Dr Oz Summer Survival Guide
Memorial Day is almost here, and each year it heralds the unofficial start of summer. That’s why Dr Oz surveyed viewers like you to find out what you’re most concerned about as we head into the hot season of vacations, baseball, and fireworks. From thousands of responses, Dr Oz chose the most asked about topics and invited experts to help get you ready for summer. Find out how to make a Lemon Eucalyptus Mosquito Repellent Bug Spray, how to keep hydrated with Green Tea, and ways to relax after a long, lazy summer day. Plus, find out how to Avoid Exhaustion & Dehydration in the height of the summer heat.
Dr Oz: How To Prevent Bee Stings
Nothing ruins a summer picnic like a rogue bee honing in on you and your family. How can you prevent bee stings before they spoil your sunny afternoon? Naturalist David Mizejewski noted that bugs were viewers’ top concern when it comes to summer weather.
The truth about bee stings is that they actually end up killing the bee. Since bees aren’t suicidal, they sting only as a defense mechanism of last resort. They don’t really want anything to do with you, so it should be easy to avoid them. But the mistake people make is attempting to swat them away. This will engage them and heighten their natural defenses, so the best thing you can do is slowly move away without swatting a bee.
Dr Oz: Lemon Eucalyptus Mosquito Repellent
For all the attention they get and bites they leave behind, you might be surprised to learn that mosquitoes don’t fly very well. One of the best things you can do to keep them away is use a fan to circulate air, which will blow insects away from your porch or patio.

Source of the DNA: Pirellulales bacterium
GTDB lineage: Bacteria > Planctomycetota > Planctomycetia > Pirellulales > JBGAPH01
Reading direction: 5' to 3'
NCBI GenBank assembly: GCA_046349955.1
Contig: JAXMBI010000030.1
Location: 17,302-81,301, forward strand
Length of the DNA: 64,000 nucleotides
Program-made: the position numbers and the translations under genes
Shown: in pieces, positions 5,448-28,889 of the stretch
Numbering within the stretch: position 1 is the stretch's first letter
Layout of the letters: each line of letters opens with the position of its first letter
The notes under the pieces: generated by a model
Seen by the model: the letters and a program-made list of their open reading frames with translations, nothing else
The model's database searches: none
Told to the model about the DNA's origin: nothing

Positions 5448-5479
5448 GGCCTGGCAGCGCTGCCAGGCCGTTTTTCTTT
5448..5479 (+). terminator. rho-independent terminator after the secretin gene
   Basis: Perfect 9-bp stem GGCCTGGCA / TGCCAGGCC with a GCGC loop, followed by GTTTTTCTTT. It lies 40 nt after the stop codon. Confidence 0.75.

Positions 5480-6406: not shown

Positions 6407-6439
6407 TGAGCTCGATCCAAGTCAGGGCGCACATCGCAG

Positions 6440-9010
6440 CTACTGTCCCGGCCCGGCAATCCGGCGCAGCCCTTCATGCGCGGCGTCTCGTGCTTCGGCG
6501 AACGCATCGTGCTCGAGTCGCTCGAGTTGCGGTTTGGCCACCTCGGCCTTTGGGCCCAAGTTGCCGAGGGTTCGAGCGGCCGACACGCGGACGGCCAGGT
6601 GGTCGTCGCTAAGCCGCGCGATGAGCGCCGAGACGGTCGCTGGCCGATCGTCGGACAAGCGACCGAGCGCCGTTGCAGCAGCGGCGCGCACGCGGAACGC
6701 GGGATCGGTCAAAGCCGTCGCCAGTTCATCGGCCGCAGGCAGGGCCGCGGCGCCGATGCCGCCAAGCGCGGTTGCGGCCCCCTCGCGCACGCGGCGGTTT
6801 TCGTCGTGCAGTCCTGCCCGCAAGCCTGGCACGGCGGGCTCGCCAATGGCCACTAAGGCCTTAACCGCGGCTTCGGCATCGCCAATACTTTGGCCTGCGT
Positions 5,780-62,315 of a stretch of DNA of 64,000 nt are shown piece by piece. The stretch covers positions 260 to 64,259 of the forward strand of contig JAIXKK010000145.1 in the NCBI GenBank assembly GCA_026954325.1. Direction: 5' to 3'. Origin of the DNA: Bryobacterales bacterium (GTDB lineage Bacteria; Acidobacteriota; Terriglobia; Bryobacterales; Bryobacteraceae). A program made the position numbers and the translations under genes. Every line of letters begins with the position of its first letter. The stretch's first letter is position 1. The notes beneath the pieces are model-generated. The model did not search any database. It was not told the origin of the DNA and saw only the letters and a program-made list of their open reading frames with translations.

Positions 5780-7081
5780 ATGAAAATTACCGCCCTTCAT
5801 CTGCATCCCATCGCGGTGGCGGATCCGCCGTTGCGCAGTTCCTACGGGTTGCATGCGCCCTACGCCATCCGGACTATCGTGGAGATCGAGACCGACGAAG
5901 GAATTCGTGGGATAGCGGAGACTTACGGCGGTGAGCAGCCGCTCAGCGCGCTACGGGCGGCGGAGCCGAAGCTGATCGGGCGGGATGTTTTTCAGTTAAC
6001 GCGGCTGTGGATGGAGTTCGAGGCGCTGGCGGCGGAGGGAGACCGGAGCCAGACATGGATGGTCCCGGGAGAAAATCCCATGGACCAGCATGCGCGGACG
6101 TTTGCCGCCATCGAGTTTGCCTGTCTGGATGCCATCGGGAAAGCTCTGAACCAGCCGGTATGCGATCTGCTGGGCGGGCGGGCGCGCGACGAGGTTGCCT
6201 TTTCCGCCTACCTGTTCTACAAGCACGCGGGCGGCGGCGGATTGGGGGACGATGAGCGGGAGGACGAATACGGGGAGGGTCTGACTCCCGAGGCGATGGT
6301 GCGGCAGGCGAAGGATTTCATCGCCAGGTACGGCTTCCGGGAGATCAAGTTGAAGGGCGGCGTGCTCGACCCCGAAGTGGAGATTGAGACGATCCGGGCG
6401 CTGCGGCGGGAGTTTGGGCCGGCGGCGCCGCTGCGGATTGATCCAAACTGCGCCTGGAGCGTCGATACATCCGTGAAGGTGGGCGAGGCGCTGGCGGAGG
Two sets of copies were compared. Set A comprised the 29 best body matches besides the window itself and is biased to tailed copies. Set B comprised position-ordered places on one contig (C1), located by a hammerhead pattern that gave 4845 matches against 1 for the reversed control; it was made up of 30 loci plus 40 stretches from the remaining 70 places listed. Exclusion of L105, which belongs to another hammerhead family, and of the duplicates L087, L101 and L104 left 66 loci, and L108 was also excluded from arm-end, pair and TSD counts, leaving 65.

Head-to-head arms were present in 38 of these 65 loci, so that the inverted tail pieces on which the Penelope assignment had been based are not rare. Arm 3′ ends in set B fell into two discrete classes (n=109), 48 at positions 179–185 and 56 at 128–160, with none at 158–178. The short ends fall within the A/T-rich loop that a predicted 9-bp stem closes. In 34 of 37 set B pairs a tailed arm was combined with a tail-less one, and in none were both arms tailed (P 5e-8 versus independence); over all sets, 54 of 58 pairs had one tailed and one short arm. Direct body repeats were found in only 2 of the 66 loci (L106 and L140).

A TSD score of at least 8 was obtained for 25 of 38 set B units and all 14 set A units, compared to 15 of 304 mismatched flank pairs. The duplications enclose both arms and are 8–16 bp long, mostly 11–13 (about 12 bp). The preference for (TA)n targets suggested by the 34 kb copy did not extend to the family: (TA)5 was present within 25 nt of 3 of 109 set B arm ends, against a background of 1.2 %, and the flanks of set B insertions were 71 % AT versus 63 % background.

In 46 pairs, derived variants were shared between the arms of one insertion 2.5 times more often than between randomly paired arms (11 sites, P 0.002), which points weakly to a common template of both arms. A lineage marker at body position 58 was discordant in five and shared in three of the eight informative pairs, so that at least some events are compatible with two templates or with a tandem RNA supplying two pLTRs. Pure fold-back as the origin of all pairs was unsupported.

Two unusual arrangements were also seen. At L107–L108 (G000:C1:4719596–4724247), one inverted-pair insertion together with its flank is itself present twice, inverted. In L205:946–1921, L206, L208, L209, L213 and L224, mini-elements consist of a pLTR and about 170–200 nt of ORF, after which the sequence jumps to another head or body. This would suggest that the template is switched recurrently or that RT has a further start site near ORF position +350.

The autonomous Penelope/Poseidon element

You can also create your own homemade repellent, or find a natural product like Lemon Eucalyptus Bug Spray repellent, which works well. Have you tried to make your own bug spray? Do you have a favorite brand? Sound off and share your advice in the comments section.
If you are dealing with a bee sting or mosquito bite, try this natural soothing remedy. Apply a cold Cucumber or Calamine Lotion to the inflamed area for relief.
Dr Oz: Safe Way To Remove Ticks
Another summer insect that takes the fun out of the outdoors is the pesky tick. Despite the popular myths you may have heard or seen in movies, you do not want to douse a tick in gasoline or alcohol. You also shouldn’t try to burn it off using a match. This could lead the tick to vomit and create an infection in your open wound.